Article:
An executive from the Chinese electronics giant Huawei Technologies faces extradition to the U.S. after getting arrested in Canada, further complicating U.S.-China trade tensions.
Meng Wanzhou — Huawei’s chief financial officer — has been accused of trying to evade U.S. trade sanctions on Iran.
But China’s government says that she hasn’t broken any U.S. or Canadian laws, and is demanding that Canada “immediately correct the mistake” and release her.
1) The U.S. says Huawei is a national security threat
The U.S. government came to this conclusion after an 11-month investigation into the company and its rival ZTE Corp. back in 2012.
"China has the means, opportunity, and motive to use telecommunications companies for malicious purposes," a government report said.
One congressman said companies that had used Huawei equipment reported “numerous allegations” of unexpected behavior, including routers that were sending large data packs to China.
Following the report, the U.S. eventually banned Huawei from bidding for U.S. government contracts. And earlier this year, the heads of six major U.S. intelligence agencies (including the FBI and the CIA) warned citizens not to use their products and services.
2) Huawei is the world’s second-largest smartphone maker
Despite America’s warnings and refusals from major carriers to sell its phones, Huawei’s smartphone business seems to be doing just fine for now.
Huawei has the second-largest share of the global smartphone market, beating out Apple.
In the second quarter of the year, it sold around 54 million smartphones — about 15.8 percent of the global market.
Apple ranked third, selling about 41 million, while Samsung took the No.1 spot, selling almost 72 million phones.
3) Huawei is involved in the development of 5G internet networks
Aside from their smartphones, Huawei also makes laptops, satellites, chips and — most controversially — equipment for 5G networks.
They’re involved in the development of these networks around the world, BBC journalist Will Bain told us. 5G could run what’s called “the internet of things,” so think smart heating, smart traffic lights and autonomous vehicles.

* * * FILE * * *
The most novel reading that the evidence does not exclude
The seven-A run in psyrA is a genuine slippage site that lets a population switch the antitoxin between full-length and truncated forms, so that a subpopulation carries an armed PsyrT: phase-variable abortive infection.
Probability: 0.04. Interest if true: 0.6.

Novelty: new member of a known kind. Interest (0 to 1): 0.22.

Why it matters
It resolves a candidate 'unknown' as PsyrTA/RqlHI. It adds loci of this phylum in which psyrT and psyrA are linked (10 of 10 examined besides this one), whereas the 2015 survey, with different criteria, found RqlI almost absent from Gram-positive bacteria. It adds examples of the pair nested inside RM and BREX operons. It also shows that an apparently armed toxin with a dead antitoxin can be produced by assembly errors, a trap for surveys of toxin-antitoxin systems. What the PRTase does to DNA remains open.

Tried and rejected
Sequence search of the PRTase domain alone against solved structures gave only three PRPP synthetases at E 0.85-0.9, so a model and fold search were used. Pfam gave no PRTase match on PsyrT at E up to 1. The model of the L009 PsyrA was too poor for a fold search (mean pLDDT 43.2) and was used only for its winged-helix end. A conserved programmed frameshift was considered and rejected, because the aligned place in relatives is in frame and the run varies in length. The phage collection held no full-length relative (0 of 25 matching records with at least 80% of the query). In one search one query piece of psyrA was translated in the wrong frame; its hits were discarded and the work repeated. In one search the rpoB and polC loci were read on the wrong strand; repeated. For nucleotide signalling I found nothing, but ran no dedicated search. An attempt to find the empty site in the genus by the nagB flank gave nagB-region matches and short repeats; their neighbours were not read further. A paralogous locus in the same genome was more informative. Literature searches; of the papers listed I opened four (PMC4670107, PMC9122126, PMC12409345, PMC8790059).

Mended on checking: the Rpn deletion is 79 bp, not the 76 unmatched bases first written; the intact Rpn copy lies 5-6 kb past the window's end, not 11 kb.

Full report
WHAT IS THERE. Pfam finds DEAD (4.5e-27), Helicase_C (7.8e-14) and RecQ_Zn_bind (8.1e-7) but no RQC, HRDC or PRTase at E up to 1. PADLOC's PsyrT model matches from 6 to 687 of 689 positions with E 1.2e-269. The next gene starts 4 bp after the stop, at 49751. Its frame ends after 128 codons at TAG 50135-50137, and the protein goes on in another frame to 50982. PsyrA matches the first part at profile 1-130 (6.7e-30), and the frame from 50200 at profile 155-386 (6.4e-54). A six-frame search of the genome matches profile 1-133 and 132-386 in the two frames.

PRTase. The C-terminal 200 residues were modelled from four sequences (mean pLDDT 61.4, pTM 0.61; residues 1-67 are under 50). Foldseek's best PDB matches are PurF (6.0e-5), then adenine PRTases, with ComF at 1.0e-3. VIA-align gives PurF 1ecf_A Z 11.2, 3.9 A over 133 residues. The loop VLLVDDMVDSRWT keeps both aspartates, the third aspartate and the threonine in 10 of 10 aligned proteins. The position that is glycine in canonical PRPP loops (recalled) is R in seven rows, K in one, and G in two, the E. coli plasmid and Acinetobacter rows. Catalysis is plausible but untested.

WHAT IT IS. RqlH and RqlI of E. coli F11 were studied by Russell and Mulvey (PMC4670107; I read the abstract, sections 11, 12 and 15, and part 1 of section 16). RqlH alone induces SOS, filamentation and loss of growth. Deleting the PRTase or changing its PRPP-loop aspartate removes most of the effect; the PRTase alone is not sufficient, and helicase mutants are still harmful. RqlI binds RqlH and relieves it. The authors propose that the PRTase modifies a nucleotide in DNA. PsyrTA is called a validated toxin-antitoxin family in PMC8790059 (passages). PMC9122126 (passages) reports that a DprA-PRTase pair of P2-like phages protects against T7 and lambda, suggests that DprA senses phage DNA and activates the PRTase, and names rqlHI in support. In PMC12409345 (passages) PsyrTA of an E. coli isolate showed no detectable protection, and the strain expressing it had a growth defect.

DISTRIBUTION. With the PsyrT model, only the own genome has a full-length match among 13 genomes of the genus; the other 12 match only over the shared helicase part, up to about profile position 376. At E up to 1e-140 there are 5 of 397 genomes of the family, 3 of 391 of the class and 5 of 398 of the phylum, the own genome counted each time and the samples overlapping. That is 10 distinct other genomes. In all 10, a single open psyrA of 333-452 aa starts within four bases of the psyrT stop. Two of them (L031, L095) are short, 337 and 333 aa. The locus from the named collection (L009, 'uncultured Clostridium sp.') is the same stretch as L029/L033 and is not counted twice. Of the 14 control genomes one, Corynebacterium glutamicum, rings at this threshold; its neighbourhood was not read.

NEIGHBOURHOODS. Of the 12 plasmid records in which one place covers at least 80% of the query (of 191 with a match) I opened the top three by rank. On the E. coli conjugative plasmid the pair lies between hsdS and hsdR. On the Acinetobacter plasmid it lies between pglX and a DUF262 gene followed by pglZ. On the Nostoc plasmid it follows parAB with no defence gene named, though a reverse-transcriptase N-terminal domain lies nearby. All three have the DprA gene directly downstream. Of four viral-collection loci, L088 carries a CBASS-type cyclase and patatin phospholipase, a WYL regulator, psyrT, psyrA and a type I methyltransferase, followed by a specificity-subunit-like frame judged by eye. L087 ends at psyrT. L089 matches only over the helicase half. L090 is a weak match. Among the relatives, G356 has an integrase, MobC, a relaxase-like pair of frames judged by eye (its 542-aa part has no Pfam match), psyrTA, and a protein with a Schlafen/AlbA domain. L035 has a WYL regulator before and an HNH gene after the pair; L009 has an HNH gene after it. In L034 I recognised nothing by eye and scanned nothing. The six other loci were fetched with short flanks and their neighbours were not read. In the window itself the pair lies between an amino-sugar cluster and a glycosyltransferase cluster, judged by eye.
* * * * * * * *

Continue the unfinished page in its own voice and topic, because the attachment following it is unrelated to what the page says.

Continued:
Huawei’s involvement in 5G has compounded security concerns over the company even further.
“We know from the Chinese government that they want Chinese companies to share intelligence with the government, and therefore that’s a real problem for other countries around the world who do not necessarily want their telecommunications systems piped straight into Beijing," said Stephanie Hare, an independent technology analyst.
4) Western governments have started to take action against the company
Given these security concerns, Australia banned Huawei earlier this year from being involved in building out its 5G infrastructure network, with New Zealand following suit.
The head of the U.K. intelligence agency MI6 also said the U.K. needs to decide if it was "comfortable with Chinese ownership of these [5G] technologies." BT, a British telecommunications company, announced this week that it's not using Huawei's equipment in its 5G network and that it's removing the company's equipment from key areas of its 4G network.
5) Huawei has courted U.S. celebrities to soften its image
In an unexpected partnership, Huawei teamed up with the Jonas Brothers following America's claim that they're a national security threat. The Chinese company sponsored a 27-city tour of theirs back in 2013.
The Israeli actress Gal Gadot also became the company's U.S. brand ambassador for its Mate 10 Pro smartphone, an announcement that came after AT&T pulled out of a deal to sell Huawei's phones.
The electronics giant is doing well with smartphone sales outside of the U.S., but they, of course, could be even bigger if they were able to tap into this market.
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